Several years ago I bought this at a garden club sale and was told that it was an evergreen fern.  Turns out, it is a native Yarrow with white flowers.  But it is evergreen.

Pittsporoum in a pot provides some green, but the tips of the leaf edges are a little crisp from an earlier freeze.

Another native Yarrow has completely different leaves.  I think this is Moon Dust Yarrow (Achillea ‘Novaachdus’).  It is somewhat evergreen with dusty green leaves and does not reseed.

This hardy Ice Plant is amazing.  It’s been in the same pot on the back porch for years.  In cold weather, the foliage looks a little ragged, but it keeps on blooming even in freezing weather.  The pot is in a corner spot which protect it from harsh winds.

Yes.  I do know that this is a weed.  But the Henbit (Lamium amplexicaule) will be easy to pull out of this pot when I want to get rid of it.

I think it’s pretty, and it is color.  Can’t be too choosy in the winter.

Spectacular sunrises start the day with cheery color.

On a cloud covered morning came brilliant red on the horizon.

While we’re enjoying a mild winter, I realize that further north, a polar vortex has struck with devastating temperatures.  I pray for safety for everyone experiencing this.

“Winter is the time for comfort, for good food and warmth, for the touch of a friendly hand and for a talk beside the fire: it is the time for home.”   Edith Sitwell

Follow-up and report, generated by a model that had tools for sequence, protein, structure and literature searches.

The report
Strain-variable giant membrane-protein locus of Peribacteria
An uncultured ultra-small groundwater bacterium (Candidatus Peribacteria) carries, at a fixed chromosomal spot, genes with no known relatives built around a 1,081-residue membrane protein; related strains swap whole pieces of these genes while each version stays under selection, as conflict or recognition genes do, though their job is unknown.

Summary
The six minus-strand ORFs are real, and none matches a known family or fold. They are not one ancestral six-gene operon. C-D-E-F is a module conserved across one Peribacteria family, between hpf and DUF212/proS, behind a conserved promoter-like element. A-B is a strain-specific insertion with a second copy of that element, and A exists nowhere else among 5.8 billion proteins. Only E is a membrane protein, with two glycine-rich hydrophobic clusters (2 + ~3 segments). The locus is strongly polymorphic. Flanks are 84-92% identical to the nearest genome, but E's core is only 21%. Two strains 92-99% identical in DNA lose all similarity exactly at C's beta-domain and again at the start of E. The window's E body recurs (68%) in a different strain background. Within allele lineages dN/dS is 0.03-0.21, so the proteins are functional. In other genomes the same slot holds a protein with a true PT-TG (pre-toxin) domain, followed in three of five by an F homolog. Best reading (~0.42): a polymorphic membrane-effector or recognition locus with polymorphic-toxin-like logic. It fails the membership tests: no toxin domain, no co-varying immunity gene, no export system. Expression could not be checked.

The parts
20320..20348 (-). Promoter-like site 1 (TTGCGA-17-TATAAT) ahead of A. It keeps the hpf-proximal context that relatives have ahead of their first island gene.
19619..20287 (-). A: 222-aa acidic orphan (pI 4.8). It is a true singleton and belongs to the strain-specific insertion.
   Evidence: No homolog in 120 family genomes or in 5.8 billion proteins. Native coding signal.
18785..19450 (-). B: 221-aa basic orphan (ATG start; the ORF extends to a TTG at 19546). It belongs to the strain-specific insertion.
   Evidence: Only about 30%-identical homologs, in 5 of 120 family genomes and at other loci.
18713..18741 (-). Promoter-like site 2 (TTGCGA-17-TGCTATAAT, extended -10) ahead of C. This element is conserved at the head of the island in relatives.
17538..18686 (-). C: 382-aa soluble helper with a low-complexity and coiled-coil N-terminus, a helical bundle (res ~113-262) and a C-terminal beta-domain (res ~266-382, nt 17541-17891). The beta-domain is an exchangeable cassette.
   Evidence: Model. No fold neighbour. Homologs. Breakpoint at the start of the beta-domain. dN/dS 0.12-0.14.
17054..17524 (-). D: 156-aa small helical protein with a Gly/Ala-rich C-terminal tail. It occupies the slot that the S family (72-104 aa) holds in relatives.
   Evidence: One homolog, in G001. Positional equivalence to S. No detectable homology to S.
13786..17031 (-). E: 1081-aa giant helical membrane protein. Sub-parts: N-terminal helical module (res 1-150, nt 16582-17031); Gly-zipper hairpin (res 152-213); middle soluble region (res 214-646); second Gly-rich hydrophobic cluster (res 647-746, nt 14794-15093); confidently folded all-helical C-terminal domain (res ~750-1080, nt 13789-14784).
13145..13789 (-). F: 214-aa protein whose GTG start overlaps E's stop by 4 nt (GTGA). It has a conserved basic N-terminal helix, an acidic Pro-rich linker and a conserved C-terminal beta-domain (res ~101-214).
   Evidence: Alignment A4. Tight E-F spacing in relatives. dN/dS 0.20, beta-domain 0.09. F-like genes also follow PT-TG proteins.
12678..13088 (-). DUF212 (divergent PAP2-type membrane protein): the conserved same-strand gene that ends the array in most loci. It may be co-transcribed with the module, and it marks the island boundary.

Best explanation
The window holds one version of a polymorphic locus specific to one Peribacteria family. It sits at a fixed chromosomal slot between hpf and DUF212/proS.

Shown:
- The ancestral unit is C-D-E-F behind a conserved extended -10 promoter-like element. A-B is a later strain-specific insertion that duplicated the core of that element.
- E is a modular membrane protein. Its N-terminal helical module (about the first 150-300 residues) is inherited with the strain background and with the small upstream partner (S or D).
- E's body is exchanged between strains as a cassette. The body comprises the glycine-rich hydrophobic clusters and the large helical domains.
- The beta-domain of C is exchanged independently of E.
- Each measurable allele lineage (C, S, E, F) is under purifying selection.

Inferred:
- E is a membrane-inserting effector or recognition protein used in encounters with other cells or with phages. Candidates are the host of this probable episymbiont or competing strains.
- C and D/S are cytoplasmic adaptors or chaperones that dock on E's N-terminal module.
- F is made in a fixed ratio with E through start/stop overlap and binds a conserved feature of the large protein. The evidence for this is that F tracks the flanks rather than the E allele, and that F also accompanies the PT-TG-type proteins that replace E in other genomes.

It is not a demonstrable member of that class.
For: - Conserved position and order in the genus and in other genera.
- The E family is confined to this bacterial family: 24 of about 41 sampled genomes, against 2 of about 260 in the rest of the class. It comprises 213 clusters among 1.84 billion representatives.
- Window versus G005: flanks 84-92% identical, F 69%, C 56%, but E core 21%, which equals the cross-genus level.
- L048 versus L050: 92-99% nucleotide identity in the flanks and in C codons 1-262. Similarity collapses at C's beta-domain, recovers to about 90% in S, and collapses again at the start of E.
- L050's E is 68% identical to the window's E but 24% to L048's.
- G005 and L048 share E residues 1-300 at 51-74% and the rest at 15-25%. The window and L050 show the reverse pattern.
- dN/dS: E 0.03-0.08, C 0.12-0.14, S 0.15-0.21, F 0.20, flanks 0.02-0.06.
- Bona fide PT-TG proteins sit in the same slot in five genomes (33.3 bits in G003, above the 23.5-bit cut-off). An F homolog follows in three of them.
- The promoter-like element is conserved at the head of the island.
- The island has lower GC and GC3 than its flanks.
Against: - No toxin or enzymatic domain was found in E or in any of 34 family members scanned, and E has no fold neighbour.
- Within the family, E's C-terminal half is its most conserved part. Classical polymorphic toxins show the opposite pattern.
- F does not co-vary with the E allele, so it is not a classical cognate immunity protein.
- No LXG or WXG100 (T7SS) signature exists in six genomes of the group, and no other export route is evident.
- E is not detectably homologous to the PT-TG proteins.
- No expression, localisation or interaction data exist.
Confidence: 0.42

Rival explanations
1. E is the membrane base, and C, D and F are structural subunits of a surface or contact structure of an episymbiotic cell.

More Ice Pix

Everything looks picture worthy as I tramp around the ice covered yard.

Ice gives Yaupon Holly a sparkle.

Brr.  No one wants to live here in this cold.

Snapping off of the frozen branches from the Texas Kidneywood bush would be easy.

Possum Haw berries in a globe of ice.  Possumhaw Holly is a great small native tree with multiple trunks.

Icy Red Yucca branches under an overcast sky makes me shiver.

The two preceding pictures show Blue Mistflowers.

At the tip of tall trunks of Desert False Indigo (Amorpha fruticosa), heavy ice keeps the branches from swaying in the wind.

Ice covered rose bushes have an ethereal look.

Spaghetti strands of Dried Mexican Feather Grass flops on the ground.

Dwarf Indian Hawthorn is one of the few evergreen bushes in our yard.  The frosty ice coating is gorgeous.

Tall, thin stems of Obedient Plant form upside down icicles.

Bright red Rose Hip with copper colored Rose leaves provides color in a drab wintry scene.

I enjoy some winter when the harsh weather only comes a few days at a time.  But basically, I’m a warm weather person.

“If winter comes, can spring be far behind?”  Percy Bysshe Shelley

Dark and Light Contrasts

Shadows and bright sunlight in the same picture can be too harsh of extremes.  Unfortunately, here in Texas, that’s a reality and difficult to avoid.

The plants in the sun can look more like sculptures rather than living things.  So I’m trying to make a silk purse out of a sow’s ear with these extreme exposures.  Please bear with me.

Chandor Gardens uses many different oriental structures because they fascinated the original owner and builder.